A351468


Irregular triangle read by rows where row n is Newey's sequence containing all permutations of 1..n.


3



1, 2, 1, 2, 1, 2, 3, 1, 2, 1, 3, 1, 2, 3, 4, 1, 2, 3, 1, 4, 2, 1, 3, 1, 2, 3, 4, 5, 1, 2, 3, 4, 1, 5, 2, 3, 1, 4, 5, 2, 1, 3, 1, 2, 3, 4, 5, 6, 1, 2, 3, 4, 5, 1, 6, 2, 3, 4, 1, 5, 6, 2, 3, 1, 4, 5, 6, 2, 1, 3
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OFFSET

2,2


COMMENTS

Row n contains n^2  2*n + 4 = A117950(n1) terms, numbered as columns k >= 1. Row n contains within it all permutations of 1..n as subsequences. These subsequences need not be consecutive terms (and in general are not).
Newey's construction (section 6) is an initial 1..n then successive term 1 and n2 terms from a rotating block of 2..n. The effect is term 1 at k=1, k=n+1, then steps n1 apart, and the rest filled with repeating 2..n.
Koutas and Hu (equation (1)) form the same by blocks D_k(mn) which start with 1 and then appropriate parts of rotated 2..n like Newey.
Jon E. Schoenfield in A062714 starts from repeated 2..n and inserts 1's.
For n = 3 to 7, Newey shows these sequences are as short as possible (A062714) for any sequence containing all permutations, and noted the "obvious" conjecture that maybe they would be shortest always. But this is not so, since Jon E. Schoenfield gives a shorter n=16 in A062714, and Radomirovic constructs shorter for all n >= 10.


LINKS

Kevin Ryde, Table of n, a(n) for rows 2 .. 30, flattened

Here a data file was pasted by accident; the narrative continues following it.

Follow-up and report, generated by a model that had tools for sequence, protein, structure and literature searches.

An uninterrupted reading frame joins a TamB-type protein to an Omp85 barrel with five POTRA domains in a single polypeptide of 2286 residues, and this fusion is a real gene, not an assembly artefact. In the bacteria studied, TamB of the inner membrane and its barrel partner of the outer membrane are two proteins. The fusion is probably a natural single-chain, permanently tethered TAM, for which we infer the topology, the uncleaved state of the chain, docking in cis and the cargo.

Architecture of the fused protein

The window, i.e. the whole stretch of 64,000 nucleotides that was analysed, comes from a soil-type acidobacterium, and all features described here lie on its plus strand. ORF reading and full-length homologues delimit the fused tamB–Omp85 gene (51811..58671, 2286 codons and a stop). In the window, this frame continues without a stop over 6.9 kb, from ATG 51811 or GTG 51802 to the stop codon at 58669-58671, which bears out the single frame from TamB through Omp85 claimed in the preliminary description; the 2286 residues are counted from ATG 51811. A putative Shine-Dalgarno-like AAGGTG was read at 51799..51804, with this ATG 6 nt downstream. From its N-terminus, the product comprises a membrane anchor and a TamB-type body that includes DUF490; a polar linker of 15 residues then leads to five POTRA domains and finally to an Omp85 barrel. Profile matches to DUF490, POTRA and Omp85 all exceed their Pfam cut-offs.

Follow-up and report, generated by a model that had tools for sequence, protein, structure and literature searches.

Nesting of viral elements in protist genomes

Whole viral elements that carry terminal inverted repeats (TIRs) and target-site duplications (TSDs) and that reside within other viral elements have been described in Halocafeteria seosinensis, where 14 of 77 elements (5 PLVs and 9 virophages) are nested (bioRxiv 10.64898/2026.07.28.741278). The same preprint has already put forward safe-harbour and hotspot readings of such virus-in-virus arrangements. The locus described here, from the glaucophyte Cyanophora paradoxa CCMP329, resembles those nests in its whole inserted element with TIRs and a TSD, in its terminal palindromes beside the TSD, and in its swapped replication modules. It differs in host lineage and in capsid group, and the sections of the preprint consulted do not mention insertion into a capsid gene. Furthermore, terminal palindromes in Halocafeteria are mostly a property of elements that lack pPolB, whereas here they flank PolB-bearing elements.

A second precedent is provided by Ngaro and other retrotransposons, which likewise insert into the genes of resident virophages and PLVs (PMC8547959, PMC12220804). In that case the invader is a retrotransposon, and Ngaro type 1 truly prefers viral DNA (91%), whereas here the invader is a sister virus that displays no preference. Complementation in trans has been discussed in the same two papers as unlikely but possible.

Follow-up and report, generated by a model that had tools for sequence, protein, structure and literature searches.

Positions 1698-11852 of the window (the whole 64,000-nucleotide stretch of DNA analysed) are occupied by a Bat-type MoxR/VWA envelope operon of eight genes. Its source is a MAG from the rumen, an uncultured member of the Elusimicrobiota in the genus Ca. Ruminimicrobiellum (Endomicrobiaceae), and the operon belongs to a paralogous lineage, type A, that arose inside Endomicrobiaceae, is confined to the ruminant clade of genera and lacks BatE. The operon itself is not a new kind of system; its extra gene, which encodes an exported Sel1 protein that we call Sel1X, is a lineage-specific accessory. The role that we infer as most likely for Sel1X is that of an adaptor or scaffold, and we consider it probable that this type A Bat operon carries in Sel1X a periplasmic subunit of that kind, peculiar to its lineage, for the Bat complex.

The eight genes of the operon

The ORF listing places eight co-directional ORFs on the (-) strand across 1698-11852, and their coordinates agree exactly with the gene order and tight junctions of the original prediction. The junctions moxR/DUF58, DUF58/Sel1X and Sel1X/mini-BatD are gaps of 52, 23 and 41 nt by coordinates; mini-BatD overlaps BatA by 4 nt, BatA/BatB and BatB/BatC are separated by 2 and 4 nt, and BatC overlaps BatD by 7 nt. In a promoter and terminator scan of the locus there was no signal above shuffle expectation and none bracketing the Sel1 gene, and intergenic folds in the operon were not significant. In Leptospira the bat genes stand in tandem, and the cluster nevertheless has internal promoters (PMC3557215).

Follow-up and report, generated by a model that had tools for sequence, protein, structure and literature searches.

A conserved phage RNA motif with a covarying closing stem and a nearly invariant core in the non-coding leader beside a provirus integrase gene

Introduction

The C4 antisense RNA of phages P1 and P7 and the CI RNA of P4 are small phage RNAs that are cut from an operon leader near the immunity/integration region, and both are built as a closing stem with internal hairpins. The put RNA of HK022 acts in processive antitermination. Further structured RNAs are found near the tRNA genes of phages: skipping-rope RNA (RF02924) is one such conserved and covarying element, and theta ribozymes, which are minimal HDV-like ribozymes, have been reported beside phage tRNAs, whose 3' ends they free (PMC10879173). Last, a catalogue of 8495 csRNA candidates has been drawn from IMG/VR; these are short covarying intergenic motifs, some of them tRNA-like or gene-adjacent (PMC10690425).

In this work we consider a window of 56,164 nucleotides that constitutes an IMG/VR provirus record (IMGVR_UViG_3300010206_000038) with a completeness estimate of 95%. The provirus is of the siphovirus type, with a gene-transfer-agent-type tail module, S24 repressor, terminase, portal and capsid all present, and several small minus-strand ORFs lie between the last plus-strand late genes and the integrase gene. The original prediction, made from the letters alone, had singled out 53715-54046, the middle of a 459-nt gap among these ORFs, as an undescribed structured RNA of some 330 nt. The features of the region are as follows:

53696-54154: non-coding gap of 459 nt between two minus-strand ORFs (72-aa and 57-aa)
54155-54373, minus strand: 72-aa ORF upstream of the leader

P. J. Koutas and T. C. Hu, Shortest String Containing All Permutations, Discrete Mathematics, volume 11, 1975, pages 125132.
Malcolm Newey, Notes on a Problem Involving Permutations as Subsequences, Stanford Artificial Intelligence Laboratory, Memo AIM190, STANCS73340, 1973.


FORMULA

T(n,k) = k for 1 <= k <= n, otherwise.
T(n,k) = 1 if r=0 and q<n, otherwise.
T(n,k) = 2 + ((rq) mod (n1)),
where division q = floor((k2)/(n1)) remainder r = (k2) mod (n1). [Adapted from Jon E. Schoenfield in A062714.]


EXAMPLE

Triangle begins
n=2: 1,2,1,2
n=3: 1,2,3,1,2,1,3
n=4: 1,2,3,4,1,2,3,1,4,2,1,3
n=5: 1,2,3,4,5,1,2,3,4,1,5,2,3,1,4,5,2,1,3
For row n=3, the permutations of 1,2,3 are located within the row as follows (some are present in multiple ways too).
1,2,3,1,2,1,3 row n=3
123 \
132  all permutations
213  of 1,2,3 within
231  row n=3
312 
321 /
For row n=4, see example in A062714.
For row n=5, the pattern of 1's among repeating 2..5 is
2,3,4,5, 2,3,4, 5,2,3, 4,5,2, 3
1, 1, 1, 1, 1,
\/ \/ \/ \/
5 apart, thereafter 4 apart


PROG

(PARI) T(n, k) = if(k<=n, k, my(q, r); [q, r]=divrem(k2, n1); if(r==0&&q<n, 1, 2+(rq)%(n1)));
(PARI) row(n) = my(r=1, t=1); vector((n1)^2+3, i, if(i==1, 1, r++>n, r=1+(n>2); 1, if(t++>n, t=2, t)));


CROSSREFS

Cf. A117950 (row lengths), A062714 (shortest possible).
Cf. A351469 (Adelman's sequences).
Sequence in context: A080237 A136109 A105265 * A193360 A061394 A248141
Adjacent sequences: A351465 A351466 A351467 * A351469 A351470 A351471


KEYWORD

nonn,easy,tabf


AUTHOR

Kevin Ryde, Feb 23 2022


STATUS

approved